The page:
Since its birth in the early 1990s, the World Wide Web has changed our world and society quickly and profoundly, by sharing knowledge and connecting people. Very recently, the Web has begun to connect ordinary things in the physical world, moving towards a so-called Web of Things (WoT). WoT is widely regarded as the ultimate goal of the World Wide Web, and offers exciting capabilities to change the world and improve the quality of human lives in the coming decade.
Advancing the Web technologies – and particularly WoT is the main research focus for Associate Professor Michael Sheng, Deputy Head of the School of Computer Science at the University of Adelaide.
Michael has recently been awarded a prestigious ARC Future Fellowship (2014-2018), with total funding of $757,452. His ARC Future Fellowship project focuses on the most fundamental research question of WoT: how to efficiently and effectively manage billions of things over the future World Wide Web.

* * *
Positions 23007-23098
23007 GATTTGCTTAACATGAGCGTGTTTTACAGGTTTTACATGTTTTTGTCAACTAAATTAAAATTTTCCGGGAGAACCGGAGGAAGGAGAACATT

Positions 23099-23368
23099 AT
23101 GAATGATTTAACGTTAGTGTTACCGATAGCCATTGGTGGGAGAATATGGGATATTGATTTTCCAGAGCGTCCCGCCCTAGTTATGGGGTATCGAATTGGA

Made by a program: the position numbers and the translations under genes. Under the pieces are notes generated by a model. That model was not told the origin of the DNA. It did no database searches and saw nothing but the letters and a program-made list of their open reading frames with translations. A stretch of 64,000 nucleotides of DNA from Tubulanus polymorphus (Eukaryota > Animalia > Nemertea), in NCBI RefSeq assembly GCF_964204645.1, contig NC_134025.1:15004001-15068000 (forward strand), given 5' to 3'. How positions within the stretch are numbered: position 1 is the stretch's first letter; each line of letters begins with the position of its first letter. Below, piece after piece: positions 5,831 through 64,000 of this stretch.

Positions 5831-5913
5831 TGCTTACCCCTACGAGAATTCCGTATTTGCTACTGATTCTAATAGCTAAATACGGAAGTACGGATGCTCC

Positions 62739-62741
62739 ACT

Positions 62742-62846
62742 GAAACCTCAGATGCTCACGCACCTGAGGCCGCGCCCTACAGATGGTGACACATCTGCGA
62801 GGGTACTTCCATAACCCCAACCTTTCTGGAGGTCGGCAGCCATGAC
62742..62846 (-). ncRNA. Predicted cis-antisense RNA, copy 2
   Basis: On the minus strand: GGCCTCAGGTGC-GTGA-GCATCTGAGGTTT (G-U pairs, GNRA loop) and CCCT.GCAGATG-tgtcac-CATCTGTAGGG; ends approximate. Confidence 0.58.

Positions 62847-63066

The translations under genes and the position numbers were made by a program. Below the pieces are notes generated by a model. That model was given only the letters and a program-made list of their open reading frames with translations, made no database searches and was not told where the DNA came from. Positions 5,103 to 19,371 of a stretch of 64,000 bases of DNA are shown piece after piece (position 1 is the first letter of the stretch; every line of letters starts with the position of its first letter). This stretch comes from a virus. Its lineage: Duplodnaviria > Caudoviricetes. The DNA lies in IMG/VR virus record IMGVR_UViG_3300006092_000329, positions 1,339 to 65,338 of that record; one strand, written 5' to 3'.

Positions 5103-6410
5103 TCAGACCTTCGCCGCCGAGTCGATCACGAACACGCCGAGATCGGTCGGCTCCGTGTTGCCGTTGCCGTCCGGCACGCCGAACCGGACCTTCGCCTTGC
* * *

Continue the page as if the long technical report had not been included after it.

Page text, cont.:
Michael is investigating this key problem and developing novel techniques for linking resource-constrained things to the Web, searching them using a new search engine, as well as discovering latent relationships among things for advanced management tasks, such as things recommendation and composition.
Michael is also currently leading two ARC Discovery Projects. One project focuses on understanding human activities using low-cost, unobtrusive radio-frequency identification (RFID) and sensor technologies, which holds the potential to help the ageing population live better. The other project focuses on truth discovery from diverse, noisy, and large data sources available on the Web.
In 2012, Michael won the Chris Wallace Award for outstanding research contribution, which is the most prestigious award in computer science, given to only one person each year in Australia and New Zealand. His research has attracted more than $2.6M and he has published close to 200 papers in world-leading journals. Michael’s research has been highly cited by his international peers and he is listed as one of the “Top Most Cited Authors” in the World Wide Web research area (ranked 133 out of 49,350 authors, top 0.26%) by Microsoft Academic Search.